Friedman researchers' ethics questioned for feeding children genetically modified rice
Published: Monday, April 6, 2009
Updated: Monday, April 6, 2009 08:04
Researchers at the Friedman School of Nutrition Science and Policy have come under fire for a study involving feeding genetically modified food to children.
In February, a group of 32 scientists from around the world sent an open letter to the school, citing code violations and inadequate preparatory research. A Wales-based group against genetically modified food coordinated the initiative.
The study, which took place last year, studied the extent to which a genetically modified form of rice, known as Golden Rice, can be used to combat vitamin A deficiency, which may be responsible for 500,000 cases of blindness per year. Golden Rice is fortified with vitamin A.
According to the 32 scientists who signed the letter, the study violated the Nuremberg Code, a set of ethical research principles for experiments conducted on humans, because it was conducted on children between the ages of six and 10 and did not take into account risks associated with excessive vitamin A in the body.
The letter was addressed to Professor Emeritus Robert Russell, who stepped down in July as director of the Jean Mayer United States Department of Agriculture Human Nutrition Research Center on Aging. He denied that Tufts had violated any ethical boundaries.
The scientists called the use of human subjects for genetically-modified feeding experiments "completely unacceptable" and said that all of the trials should be suspended until the researchers can prove that they followed medical ethical guidelines.
Tufts issued a formal response to the letter stating that the university "fully supports its researchers and their work with Golden Rice." The statement also said that the entire study followed the necessary research procedures and received approval from internal review boards in the United States and China.
Joe Cummins, a professor emeritus of genetics at the University of Western Ontario and one of the signatories of the letter, said he would not have opposed the study if animal testing had been conducted before feeding the rice to children.
"I found it rather outrageous in the sense that the children were brought into the study prior to the use of experimental animals," Cummins told the Daily. "That seems backwards to me. ... It shouldn't really be a jump directly from the crop to the children without adequate testing."
Russell said that animal testing would have been "meaningless" because animals break down beta-carotene, the precursor to vitamin A, in a much different way than humans do, making the study of the animal process inapplicable to the human case.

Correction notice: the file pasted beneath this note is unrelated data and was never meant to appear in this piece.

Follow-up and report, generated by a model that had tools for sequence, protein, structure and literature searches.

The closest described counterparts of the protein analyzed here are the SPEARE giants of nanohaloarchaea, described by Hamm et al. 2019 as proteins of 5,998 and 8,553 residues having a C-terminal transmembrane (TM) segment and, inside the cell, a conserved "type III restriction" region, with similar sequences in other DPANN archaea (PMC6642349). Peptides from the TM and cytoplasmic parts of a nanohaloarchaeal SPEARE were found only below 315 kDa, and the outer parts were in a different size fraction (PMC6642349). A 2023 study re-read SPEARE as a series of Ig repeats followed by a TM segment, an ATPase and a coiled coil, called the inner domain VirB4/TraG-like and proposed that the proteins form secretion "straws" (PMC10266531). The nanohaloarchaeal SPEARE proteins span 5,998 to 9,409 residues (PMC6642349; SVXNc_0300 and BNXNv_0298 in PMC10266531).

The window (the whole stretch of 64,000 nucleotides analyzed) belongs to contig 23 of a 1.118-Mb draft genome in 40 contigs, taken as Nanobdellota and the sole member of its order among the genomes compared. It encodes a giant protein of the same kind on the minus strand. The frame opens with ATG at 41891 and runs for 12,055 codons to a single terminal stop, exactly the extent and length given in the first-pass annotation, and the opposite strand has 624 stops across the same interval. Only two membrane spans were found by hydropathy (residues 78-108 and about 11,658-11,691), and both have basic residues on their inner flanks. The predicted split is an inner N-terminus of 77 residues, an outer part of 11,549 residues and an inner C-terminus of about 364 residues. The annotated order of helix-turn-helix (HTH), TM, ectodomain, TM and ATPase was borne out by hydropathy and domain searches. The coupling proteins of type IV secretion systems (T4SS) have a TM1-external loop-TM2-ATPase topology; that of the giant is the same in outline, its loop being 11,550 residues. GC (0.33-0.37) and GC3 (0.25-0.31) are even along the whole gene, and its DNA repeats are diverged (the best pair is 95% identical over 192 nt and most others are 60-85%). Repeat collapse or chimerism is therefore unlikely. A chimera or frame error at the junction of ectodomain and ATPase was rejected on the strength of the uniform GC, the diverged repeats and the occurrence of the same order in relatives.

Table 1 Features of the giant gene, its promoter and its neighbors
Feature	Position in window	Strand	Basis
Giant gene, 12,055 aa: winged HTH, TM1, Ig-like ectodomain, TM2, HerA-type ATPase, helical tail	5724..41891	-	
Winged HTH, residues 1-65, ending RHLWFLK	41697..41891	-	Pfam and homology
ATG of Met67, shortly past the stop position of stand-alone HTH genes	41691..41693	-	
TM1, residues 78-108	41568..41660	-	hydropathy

Humans do not directly digest vitamin A but rather produce it as a result of the metabolizing of beta-carotene. The precursor is present in many vegetables naturally, including carrots and spinach, but these foods are not widely available for some children in the developing world, which has led to the exploration of genetically modified rice.
But Cummins explained that studies have shown that certain levels of vitamin A and its precursors can be toxic for humans.
"There are well-established studies that show that even those [foods] with vitamin A precursors can cause toxicity in people who are overexposed to them," he said, citing a particular study in Japan that resulted in vitamin A poisoning in a young girl.
The levels of beta-carotene found in the singular meal of Golden Rice fed to the students during the study, however, were ten times less than those found in a carrot, according to Russell.
Cummins also decried what he called a troubling trend of researchers feeding children genetically modified foods.
With respect to the Friedman School study, he said his main contention was that proper informed consent was never obtained.
But Russell denied that assertion.
"That's a ridiculous accusation, totally untrue," Russell told the Daily. "We underwent every single approval -- both in the U.S. and in China -- that was needed."
Russell said the researchers received approval from both country's governments as well the Food and Drug Administration and got informed consent from the parents of the children who were fed the rice. If any of the children showed a reluctance to participate, they were not required to take part in the study.
According to Russell, researchers also gave the students school supplies as a form of non-monetary compensation for their participation in the study.
Researchers observed no negative side effects, he added.
Though the official results of the study will likely be released in several months, Russell said preliminary analyses have shown high levels of bioavailability -- the degree to which the rice can be used in the body -- in some of the children's blood samples. The feeding study caused no reported allergies or adverse reactions.
Russell said the accusations from the scientific community were likely attributable to a more general negative attitude toward genetically modified foods.
"In the [United States], we have a very different attitude towards genetic modification than Europe has; we are exposed to those products and have been for a long time," he said. "These are politically motivated people, and I'm sorry that they feel these extremes."